Under such circumstances you would expect the workers at VW to support the company and its desire to establish a works council at its only U.S. assembly plant.  But this is America and if the company is not going to be anti-union than heck, the National Right to Work Committee, Grover Norquist and his group and a slew of others are more than ready to jump in – even if the employer doesn’t want their “help.”

If the traditional union-busters aren’t enough to stop union momentum, then line up some of the most anti-union politicians in America like Tennessee Senator Bob Corker and Tennessee Governor Bill Haslam so they can have their turn at scaring the heck out of every VW worker with threats of plant closings, loss of production, loss of new job opportunities, loss to “outsiders,” combined with a paid propaganda campaign with racial overtones, lies about the UAW, lies about Detroit, lies about the big three automakers, lies about unions, etc.  and you have a witches brew of union haters and baiters willing to do almost anything to interject their vitriol into this organizing campaign and cause enough workers to change their minds and vote against union representation.  With a majority of those voting required to “win” an union representation election, our union-hating friends know they don’t have to sway the entire workforce, just enough to deny a majority.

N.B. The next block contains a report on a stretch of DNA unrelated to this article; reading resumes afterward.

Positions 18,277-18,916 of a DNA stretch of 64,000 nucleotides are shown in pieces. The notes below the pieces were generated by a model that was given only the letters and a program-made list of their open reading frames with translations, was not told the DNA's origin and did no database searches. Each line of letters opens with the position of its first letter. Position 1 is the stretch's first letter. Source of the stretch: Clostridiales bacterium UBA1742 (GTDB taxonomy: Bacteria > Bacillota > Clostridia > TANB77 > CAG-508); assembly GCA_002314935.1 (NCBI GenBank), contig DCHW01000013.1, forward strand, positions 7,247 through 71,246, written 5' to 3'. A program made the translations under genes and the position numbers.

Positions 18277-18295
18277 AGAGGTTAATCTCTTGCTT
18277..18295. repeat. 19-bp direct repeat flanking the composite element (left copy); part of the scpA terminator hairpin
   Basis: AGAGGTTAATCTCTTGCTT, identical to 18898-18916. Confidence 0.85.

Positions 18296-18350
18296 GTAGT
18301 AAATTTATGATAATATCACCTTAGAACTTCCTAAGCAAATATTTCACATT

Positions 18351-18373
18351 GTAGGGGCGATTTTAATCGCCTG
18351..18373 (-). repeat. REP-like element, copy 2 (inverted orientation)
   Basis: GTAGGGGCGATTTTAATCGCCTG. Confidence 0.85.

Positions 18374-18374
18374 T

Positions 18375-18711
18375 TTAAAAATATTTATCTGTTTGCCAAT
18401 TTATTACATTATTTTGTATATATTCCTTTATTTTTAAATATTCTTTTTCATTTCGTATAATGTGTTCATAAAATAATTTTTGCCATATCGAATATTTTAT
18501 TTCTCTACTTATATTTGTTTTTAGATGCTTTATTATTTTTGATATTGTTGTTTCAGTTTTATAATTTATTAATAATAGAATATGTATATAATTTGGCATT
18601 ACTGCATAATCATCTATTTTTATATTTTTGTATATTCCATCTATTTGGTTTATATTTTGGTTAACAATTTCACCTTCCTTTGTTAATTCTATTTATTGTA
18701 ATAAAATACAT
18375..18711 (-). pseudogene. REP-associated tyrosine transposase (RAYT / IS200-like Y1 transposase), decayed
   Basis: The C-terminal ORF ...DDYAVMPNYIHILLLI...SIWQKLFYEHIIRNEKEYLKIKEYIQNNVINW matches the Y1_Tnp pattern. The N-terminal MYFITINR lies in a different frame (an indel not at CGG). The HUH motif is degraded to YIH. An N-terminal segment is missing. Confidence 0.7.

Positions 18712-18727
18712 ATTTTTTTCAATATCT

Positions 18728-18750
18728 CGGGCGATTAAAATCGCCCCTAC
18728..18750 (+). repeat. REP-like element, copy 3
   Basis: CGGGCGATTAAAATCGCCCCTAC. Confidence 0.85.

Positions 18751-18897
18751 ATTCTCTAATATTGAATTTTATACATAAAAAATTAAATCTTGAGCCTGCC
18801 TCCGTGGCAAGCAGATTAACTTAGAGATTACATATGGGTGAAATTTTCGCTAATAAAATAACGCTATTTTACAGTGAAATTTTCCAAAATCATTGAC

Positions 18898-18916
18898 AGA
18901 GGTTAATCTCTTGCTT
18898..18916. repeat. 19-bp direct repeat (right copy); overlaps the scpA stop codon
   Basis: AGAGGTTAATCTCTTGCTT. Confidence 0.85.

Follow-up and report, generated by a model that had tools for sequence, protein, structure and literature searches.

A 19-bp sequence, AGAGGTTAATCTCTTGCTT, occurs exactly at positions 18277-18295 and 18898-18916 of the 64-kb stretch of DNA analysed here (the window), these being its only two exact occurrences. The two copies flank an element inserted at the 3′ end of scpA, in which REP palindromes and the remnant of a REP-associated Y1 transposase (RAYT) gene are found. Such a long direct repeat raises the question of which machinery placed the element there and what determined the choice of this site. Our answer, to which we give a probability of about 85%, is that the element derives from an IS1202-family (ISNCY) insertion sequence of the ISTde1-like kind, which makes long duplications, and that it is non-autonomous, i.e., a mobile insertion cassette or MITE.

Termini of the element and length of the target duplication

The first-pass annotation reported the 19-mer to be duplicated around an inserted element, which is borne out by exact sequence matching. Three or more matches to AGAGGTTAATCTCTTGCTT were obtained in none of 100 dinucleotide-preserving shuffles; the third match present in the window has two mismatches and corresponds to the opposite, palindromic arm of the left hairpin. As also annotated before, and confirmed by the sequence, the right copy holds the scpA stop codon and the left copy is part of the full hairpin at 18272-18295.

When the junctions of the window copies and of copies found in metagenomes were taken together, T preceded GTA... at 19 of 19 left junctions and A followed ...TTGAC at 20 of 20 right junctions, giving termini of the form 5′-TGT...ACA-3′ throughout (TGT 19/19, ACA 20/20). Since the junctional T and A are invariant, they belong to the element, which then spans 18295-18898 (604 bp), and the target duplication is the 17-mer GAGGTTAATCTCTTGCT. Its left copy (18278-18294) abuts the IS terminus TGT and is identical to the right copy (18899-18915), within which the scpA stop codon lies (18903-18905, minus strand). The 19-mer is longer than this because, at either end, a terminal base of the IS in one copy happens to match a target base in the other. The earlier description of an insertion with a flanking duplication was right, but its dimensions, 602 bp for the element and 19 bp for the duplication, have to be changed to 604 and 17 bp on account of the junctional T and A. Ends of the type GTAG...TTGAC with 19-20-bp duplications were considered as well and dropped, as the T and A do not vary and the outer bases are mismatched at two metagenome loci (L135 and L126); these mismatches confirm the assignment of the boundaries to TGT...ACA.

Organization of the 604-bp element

You get the picture.  Here in America if the employer is going to be neutral in an organizing campaign then some of us real Americans are going to show them how it’s done, just like in every other workplace in America where workers attempt to exercise their right to organization and collective bargaining.  Here in America if you are a business you are EXPECTED to be anti-union.  Here in America if you are a business and you are simply not anti-union enough then someone, some group, will show you how it’s done here.  If the employer isn’t going to instill fear in its workforce, if the company isn’t going to intimidate their workforce and threaten them with the loss of jobs and future jobs, then someone has to come in and pick up the ball.